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The Office for Victims of Crime (OVC), within the U.S. Department of Justice, provides federal funds to support victim assistance and compensation programs around the country and advocates for the fair treatment of crime victims.

Through its Community Crisis Response (CCR) program, OVC funds services to communities that have suffered crimes resulting in multiple victimizations or community-wide trauma. Historically, OVC, through the CCR program, responded to communities in crisis by training local service providers and deploying crisis response teams. For example, OVC's CCR program promptly deployed crisis response teams to Oklahoma City after the 1995 terrorist bombing of the Alfred P. Murrah federal Building; to Jonesboro, Arkansas, after four students and a teacher were killed in a 1998 school shooting; and, to Salt Lake City, Utah, after the 1999 fatal shooting that killed two people and injured several others in a Family History Library.

In the past, OVC's goal was to provide short-term training and technical assistance to communities in crisis. However, experience has demonstrated that every community would benefit greatly by having its own extensive community-based response plan.

Today, OVC is working to help states and communities accomplish this by helping them prepare crisis response plans that include local and state-based emergency counseling and intervention and long-term mental health services for victims and surviving family members. Many states and communities already have the personnel, resources, and teams to effectively respond to major crises, so OVC is encouraging them to develop or enhance their own integrated response plans to ensure victims are provided long-term services. Through training and technical assistance, OVC can help local teams mobilize. OVC recently did this in Yosemite and Eureka, California, after two teenage girls and a mother disappeared while on vacation and in Springfield, Oregon, and Littleton, Colorado, where hundreds witnessed the brutal murders of a teacher and classmates.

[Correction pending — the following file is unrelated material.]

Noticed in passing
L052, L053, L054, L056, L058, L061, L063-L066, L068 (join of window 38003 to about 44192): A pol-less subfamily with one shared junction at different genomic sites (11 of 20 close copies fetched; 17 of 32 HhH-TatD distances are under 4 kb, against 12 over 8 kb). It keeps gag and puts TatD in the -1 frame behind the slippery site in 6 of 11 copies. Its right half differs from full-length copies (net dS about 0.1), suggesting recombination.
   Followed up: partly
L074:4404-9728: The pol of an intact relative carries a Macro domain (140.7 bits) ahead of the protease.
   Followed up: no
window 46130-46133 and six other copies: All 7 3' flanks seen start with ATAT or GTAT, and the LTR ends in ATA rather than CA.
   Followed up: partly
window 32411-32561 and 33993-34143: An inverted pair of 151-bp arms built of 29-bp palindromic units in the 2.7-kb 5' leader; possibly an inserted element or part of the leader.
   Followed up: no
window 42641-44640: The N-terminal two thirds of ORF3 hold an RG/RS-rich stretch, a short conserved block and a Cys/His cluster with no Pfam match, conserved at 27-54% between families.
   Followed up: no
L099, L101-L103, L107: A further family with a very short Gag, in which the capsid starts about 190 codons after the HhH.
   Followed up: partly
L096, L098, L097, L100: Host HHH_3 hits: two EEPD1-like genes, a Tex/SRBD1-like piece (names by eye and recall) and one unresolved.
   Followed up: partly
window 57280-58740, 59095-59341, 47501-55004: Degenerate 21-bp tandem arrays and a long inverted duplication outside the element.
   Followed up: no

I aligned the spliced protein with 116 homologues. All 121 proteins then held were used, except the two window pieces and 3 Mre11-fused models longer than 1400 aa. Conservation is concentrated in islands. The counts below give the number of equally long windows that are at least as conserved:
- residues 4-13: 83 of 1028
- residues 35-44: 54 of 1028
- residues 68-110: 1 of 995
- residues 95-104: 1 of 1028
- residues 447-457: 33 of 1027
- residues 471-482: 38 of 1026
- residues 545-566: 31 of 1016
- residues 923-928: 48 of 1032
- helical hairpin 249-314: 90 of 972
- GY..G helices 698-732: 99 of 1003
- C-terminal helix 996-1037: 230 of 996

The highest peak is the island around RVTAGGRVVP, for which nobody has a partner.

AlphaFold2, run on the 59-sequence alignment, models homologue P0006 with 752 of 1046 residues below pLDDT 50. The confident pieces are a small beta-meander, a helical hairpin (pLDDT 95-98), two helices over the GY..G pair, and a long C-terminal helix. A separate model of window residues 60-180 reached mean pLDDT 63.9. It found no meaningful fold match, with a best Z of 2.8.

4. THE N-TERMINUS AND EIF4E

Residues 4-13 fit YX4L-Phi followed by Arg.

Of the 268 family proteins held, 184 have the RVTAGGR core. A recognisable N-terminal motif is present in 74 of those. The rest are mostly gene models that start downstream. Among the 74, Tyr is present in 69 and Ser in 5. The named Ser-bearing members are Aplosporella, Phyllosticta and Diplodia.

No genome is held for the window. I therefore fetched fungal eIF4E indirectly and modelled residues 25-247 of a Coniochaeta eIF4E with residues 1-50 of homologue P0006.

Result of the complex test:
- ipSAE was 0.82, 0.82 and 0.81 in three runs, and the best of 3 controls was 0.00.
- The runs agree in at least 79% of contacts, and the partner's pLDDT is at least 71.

OVC'S Strategy

Many states have devised and implemented centralized crisis response plans. A community may already have many resources, such as mental health and victim services, emergency preparedness support, the clergy, and search and rescue services. When a crisis occurs in a community, OVC encourages the community to first contact their state VOCA (Victims of Crime Act of 1984) administrator who will determine whether existing resources can be pooled to provide the necessary services.

In cases when a state cannot provide the needed immediate assistance, OVC will continue to accept requests for training and technical assistance from eligible agencies, including victims service agencies; federal, tribal, state, and local criminal justice system agencies; and other agencies that regularly assist victims of violent crime. OVC can still mobilize crisis response teams to communities in need after reviewing and evaluating the request for assistance, taking into consideration the potential impact of assistance, the need for federal support, OVC's ability to respond, and the clarity of the request. Send requests for assistance to:

Office for Victims of Crime
810 Seventh Street, NW., Eighth Floor
Washington, DC 20531
Fax: 202-305-2440

Crisis response should be rapid and effective as well as long-term and sustaining. To this end, OVC is coordinating with nationally recognized mental health and emergency preparedness experts to devise a strategy to help states develop and implement their own centralized crisis response plans. OVC also plans to conduct a series of regional seminars and training courses to train local crisis response teams to respond to needs in their communities. states and local communities are encouraged to formulate and perform test-runs of crisis response plans similar to those for natural disasters such as earthquakes, floods, fires, and hurricanes. states and communities should identify mental health experts within each community. states should coordinate as much information as possible to maximize access to resources in a crisis. Several states have already undertaken these activities. OVC encourages communities to find out more information about their community crisis response plans by contacting their state VOCA administrators. For contact listings, visit http://www.ojp.usdoj.gov/ovc/help/links.htm.

For More Information

For more information about the Community Crisis Response program, contact

Office for Victims of Crime
U.S. Department of Justice
810 Seventh Street NW., Eighth Floor
Washington, DC 20531
Fax: 202-514-6383
Web site: www.ovc.gov/

For copies of this fact sheet, other OVC publications, or information on additional victim-related resources, please contact

Office for Victims of Crime Resource Center (OVCRC)
P.O. Box 6000
Rockville, MD 20849-6000
1-800-851-3420 or 301-519-5500
(TTY: 1-877-712-9279)
Web site: www.ncjrs.gov
E-mail: askovc@ojp.usdoj.gov

Or order OVC publications online at www.ncjrs.gov/App/Publications/AlphaList.aspx.

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Community Crisis Response August 1999 (format updated April 2002)
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